Midas Touch

The latest annual report from Incrementum accepts that gold faces headwinds, but argues that the precious metal is in the early stages of a new bull market.

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Liechtenstein-based Incrementum AG this week published the 13th edition of its 'In Gold We Trust' report. The 339-page publication contains an astonishing array of tables and charts, and is quite impossible to summarise adequately (not least because the report doesn't contain an executive summary). A few sections stand out, however, especially the observations on historic prices for commodities and gold-mining shares, and predictions for the gold price.

In a chart that compares the Goldman Sachs Commodity Index against the Dow Jones Industrial Average Index, Incrementum illustrates that commodity prices generally are at their lowest level since the 1960s. The only other occasions since 1900 when commodities were similarly undervalued relative to equities were just ahead of Black Thursday (October 24, 1929) and during the excesses of the dotcom bubble. Both periods were followed by a bull market for commodities. 

In addition to the potential in commodity markets generally, Incrementum describes itself as "convinced" that "we are in the early stages of a new gold bull market". The authors do warn, however, that "gold investors should not fall into the trap of having too-high price expectations". Although the precious metal is "still facing considerable headwinds", the report notes various factors that will be favourable to the metal, including deteriorating economic figures, the discontinuation in US interest rate hikes, and the probable end of quantitative tightening later this year. 

Incrementum has much to say with regard to gold-mining equities. The report criticises "several years of creative destruction in the sector" but considers that most companies are now on a "much healthier footing". Relative to their own history, and to the price of gold, mining stocks "continue to appear attractively valued". 

The gold sector has met with enormous scepticism since 2011, and the Philadelphia Gold and Silver Index is lower against the S&P 500 Index than it was in 2000 (when the last big boom began) and at the same level as in 2016 (when a 170% rally began).

Moreover, Incrementum notes that Barron's Gold Mining Index (BGMI; the oldest available gold-mining index) is now at its lowest level relative to gold in 78 years.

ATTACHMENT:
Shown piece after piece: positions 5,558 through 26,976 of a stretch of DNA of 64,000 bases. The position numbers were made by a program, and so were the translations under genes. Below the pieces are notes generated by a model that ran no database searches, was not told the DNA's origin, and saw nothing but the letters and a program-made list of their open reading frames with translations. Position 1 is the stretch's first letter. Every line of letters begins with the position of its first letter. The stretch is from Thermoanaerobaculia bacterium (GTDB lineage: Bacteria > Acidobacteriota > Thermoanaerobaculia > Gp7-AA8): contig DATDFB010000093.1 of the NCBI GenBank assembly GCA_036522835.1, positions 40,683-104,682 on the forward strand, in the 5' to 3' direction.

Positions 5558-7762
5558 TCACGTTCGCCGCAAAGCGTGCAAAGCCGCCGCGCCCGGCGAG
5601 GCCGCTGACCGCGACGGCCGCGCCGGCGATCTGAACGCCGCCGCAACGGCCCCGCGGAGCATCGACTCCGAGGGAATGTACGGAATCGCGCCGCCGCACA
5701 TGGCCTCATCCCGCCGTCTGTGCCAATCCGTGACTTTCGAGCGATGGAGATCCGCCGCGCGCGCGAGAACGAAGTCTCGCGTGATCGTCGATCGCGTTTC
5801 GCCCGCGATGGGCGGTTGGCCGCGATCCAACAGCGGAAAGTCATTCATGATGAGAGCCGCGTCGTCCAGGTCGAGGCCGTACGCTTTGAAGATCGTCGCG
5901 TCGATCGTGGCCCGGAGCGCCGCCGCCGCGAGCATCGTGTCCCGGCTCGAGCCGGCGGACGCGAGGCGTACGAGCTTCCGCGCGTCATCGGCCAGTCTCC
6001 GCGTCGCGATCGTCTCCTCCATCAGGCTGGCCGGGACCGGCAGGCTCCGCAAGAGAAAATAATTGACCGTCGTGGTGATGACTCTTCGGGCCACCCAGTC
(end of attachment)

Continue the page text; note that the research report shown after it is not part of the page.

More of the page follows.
In the report's final section, 'Quo Vadis, Aurum', Incrementum gives its key takeaways on the metal's future. The authors conclude that the erosion of trust globally will play into gold's hands eventually, and the metal only recently reconfirmed its status as an excellent hedge against stock market slumps.

However, the Midas Touch gold model has been in 'sell mode' since May 20, and the immediate outlook for gold is "rather unfavourable". Indeed, Incrementum warns that the current short position in the precious metal "might be large enough to trigger the typical pre-summer panic sell-off towards June or July". 

Nevertheless, looking ahead Incrementum expects the political and economic tension between the US and China, and other uncertainties elsewhere, to support the gold price. "As soon as the gold price breaks through the resistance at US$1,360-1,380/oz, a gold price of US$1,800/oz seems within reach in the medium term." 

Chris Hinde

Chief Commentator, Mining Beacon

Previously editorial director of Mining Journal, and more recently head of S&P Global Market Intelligence's metals and mining team, Chris is now Mining Beacon's editor-in-chief and lead commentator. He posts two blogs every week, one on Monday reviewing market conditions over the prior week, and a second on Thursday looking at issues on the global mining scene. There is also a quarterly blog on business opportunities in the sector.